Alternate Approach For Sapota Propagation

By Indian Council of Agricultural Research on 23 Sep 2016 | read


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Age: 35 years
Education: Matriculate.
Landholding: 1 ha
Farming experience: 38 years
Crops grown: Paddy and fruits
Livestock: Duckery in paddy fields
Used as master trainer for KVK

Shri Harulal Mandal
Village Srikrishnapur, P.O Sukdevpur, District South 24 Parganas, West Bengal
(Mobile : 09733217226)

Description of innovation
Fallen sapota plants are used for grafting in this alternate method. In fallen plants, scion branches of pencil thickness remain nearer to around helping into non-hanging of rootstock upon the tree. Hanging of a rootstock (in a mud ball) on a large and high tree is not only labour intensive, but also costly affair. Grafting in fallen tree is easy and around 2,000 to 2,500 grafts can be prepared from a single plant per season. Observing the ease of making grafts, orchard growers have started felling sapota plant artificially/ mechanically by digging one side of the plant and by cutting few roots. After felling tree, rootstock of khimi seedlings (in mud ball) are placed on the soil by the side of the pencil thickness branches of sapota mother-plant. Mud ball of khimi seedlings are placed within the soil by making small holes. In this way, a grafter can make 250 to 300 graft unions in a day. After removal of graft unions, mother plants are erected, properly nourished and then again made to fall in the opposite side to complete cycle of two grafting in a year.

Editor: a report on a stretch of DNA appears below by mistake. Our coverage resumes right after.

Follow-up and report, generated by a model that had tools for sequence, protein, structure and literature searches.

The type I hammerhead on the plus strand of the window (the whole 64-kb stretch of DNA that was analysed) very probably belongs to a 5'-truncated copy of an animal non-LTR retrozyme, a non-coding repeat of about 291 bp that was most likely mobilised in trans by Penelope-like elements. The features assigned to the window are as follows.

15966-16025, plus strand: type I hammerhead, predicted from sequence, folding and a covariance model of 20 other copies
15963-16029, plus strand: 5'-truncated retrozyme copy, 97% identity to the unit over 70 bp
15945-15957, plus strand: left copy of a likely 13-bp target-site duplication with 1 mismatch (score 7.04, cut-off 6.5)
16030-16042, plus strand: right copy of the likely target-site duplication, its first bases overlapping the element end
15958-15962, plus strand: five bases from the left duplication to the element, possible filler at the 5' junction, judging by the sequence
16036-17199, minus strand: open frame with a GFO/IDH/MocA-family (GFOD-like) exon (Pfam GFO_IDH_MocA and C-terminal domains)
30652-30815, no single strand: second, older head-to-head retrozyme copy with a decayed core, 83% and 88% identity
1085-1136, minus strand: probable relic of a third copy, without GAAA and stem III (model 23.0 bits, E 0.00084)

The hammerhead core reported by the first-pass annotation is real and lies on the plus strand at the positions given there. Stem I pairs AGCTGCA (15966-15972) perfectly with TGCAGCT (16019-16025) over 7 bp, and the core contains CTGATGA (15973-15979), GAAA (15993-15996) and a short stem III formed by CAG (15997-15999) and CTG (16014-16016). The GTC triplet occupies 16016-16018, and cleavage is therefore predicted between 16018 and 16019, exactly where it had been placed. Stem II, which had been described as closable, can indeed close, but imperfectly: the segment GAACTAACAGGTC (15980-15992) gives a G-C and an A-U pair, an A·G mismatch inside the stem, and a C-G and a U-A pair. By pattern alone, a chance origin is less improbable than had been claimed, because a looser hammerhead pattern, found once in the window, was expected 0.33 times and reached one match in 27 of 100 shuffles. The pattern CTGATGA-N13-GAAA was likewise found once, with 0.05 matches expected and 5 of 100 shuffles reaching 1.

Practical utility of innovation
In this method, 4200 grafts per year can be produced with a profit of Rs 16,110 and 2.59 B:C ratio. In non-grafted plants, profit is only Rs 850 per year as the cost of seedling is 50 paisa against Rs 6.25 in the grafted seedling. This technique was first applied in Srikrishnapur village of the district by the group of farmers and now it is practised by the farmers of Amtala-Bishnupur region–the main nursery area of the district.

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